Shareholders move to oust Zuckerberg
Image: Facebook

For the last few years, Facebook has faced widespread scrutiny for its data handling practices and disregard for privacy. However, despite being plagued by scandals on a near constant basis, the social network has never been more profitable. As such, industry analysts presumed the company’s shareholders were unbothered by its controversial nature.

But a new filing with the Securities and Exchange Commission (SEC) suggests that’s not the case.

On April 12, the Silicon Valley giant notified the SEC it will be holding a shareholders conference on May 30. Furthermore, the corporation declared stakeholders will vote on two proposals which might shake up its management structure. Specifically, activist investors are looking to significantly reduce CEO, chairman, and co-founder Mark Zuckerberg’s influence on Facebook.

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Challenges to Zuckerberg’s Leadership

Next month, the 34-year-old executive will face two significant challenges to his leadership. First, activist investors want to install an independent chairman of the board to replace Zuckerberg. Aggrieved stakeholders contend the billionaire has mishandled controversies like the Cambridge Analytica scandal. However, because of the leader’s controlling interest in the firm, it’s unlikely that he’ll be dethroned.

As Business Insider notes, Facebook has a dual-class capitalization structure. Accordingly, the Silicon Valley giant’s class A stock has one-tenth the voting power of its class B stock. Notably, Zuckerberg holds 75 percent of the organization’s class B shares, so the activist investors don’t have the capacity to force him out.

That’s where the activists’ second proposal comes in. A group of shareholders that own $3 billion worth of Facebook stock want to change the company’s capitalization structure. The dissatisfied investors want to enact a scheme that will equalize the voting power of class A and class B stock. Predictably, Zuckerberg is not in favor of the reorganization plan.

In Facebook’s SEC filing, the company argued the current makeup of its board of directors should remain as it is. The firm holds the position that installing a new chairperson would make its leadership less efficient. Moreover, the corporation, meaning Zuckerberg, believes maintaining its current capitalization structure is in its best interest.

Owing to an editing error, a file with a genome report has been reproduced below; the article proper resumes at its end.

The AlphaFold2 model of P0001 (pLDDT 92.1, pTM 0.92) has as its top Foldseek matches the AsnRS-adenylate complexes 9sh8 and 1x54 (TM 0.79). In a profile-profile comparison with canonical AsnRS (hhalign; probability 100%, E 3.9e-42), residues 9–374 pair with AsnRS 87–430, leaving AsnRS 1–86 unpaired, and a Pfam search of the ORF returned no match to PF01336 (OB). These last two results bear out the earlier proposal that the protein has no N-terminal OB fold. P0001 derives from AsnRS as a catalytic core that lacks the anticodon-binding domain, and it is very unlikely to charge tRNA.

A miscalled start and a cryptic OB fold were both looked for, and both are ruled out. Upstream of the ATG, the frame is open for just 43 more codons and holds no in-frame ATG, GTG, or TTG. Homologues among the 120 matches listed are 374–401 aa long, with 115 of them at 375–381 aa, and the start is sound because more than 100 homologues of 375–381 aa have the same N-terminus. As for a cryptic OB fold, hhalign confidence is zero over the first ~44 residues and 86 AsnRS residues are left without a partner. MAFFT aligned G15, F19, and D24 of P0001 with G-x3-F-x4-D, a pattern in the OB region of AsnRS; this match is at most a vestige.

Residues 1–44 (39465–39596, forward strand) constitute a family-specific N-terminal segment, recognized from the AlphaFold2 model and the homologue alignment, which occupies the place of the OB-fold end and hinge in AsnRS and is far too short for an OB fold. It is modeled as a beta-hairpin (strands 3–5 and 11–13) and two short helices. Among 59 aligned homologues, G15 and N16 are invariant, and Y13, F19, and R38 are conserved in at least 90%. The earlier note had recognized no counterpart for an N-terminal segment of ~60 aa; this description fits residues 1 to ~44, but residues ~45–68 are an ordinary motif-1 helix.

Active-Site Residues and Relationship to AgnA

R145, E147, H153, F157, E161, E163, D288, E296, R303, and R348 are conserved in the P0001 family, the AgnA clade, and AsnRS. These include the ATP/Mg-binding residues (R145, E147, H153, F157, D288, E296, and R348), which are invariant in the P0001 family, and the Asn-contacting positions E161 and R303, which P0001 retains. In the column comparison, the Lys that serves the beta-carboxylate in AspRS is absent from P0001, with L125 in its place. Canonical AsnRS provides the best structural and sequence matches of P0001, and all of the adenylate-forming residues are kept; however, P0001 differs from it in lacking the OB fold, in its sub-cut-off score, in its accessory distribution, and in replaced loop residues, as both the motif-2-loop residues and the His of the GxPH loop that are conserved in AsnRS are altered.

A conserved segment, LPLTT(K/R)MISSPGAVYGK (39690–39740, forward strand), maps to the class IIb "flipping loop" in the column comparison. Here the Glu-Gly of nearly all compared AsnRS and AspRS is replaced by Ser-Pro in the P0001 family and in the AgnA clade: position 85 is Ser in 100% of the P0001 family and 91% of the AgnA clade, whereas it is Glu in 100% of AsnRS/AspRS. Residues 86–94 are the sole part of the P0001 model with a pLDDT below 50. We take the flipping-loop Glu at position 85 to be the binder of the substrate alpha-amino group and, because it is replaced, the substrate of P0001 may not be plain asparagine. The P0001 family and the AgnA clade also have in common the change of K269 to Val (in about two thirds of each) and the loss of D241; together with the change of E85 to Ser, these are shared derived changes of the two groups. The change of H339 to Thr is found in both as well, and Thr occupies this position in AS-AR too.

Although politicians and the general public find fault with his leadership, Business Insider predicts the investor revolt will fail because Zuckerberg is too well insulated.

Does Facebook Need New Leadership?

It’s hard to say whether or not Facebook would be better off if Mark Zuckerberg’s influence was diminished or excised completely.

On the one hand, the New York native has made a litany of questionable decisions. His ambivalence toward user privacy, harmful content distribution, and potentially discriminatory advertising practices have seriously damaged the company’s public image. Plus, his inability to follow through on making much-needed reforms has obliterated his credibility.

On the other hand, it would be ridiculous to pretend Zuckerberg’s tenure as Facebook’s leader has been all bad. Under his stewardship, the firm has grown from being a small digital college social club to one of the world’s largest communication platforms. Moreover, he undeniably excels under pressure.

The same year that Facebook lost $119 billion in market value, it also beat earnings expectations and expanded its user base. Additionally, the controversial executive has led his company to greater financial success than rivals like Twitter and Snapchat.

If Facebook’s investors force Zuckerberg out, the tech giant might end up like Apple in 1985. Thirty-four years ago, Apple’s board removed Steve Jobs from power because they lost faith in his leadership. While the move made sense on paper, the corporation floundered without Jobs’ perfectionism and drive for innovation.

It’s not inconceivable that the world’s largest social network could experience a similar decline if it gave Zuckerberg the boot. Indeed, it’s hard to imagine another chief executive not cracking under a relentless stream of media, government, and public criticism.

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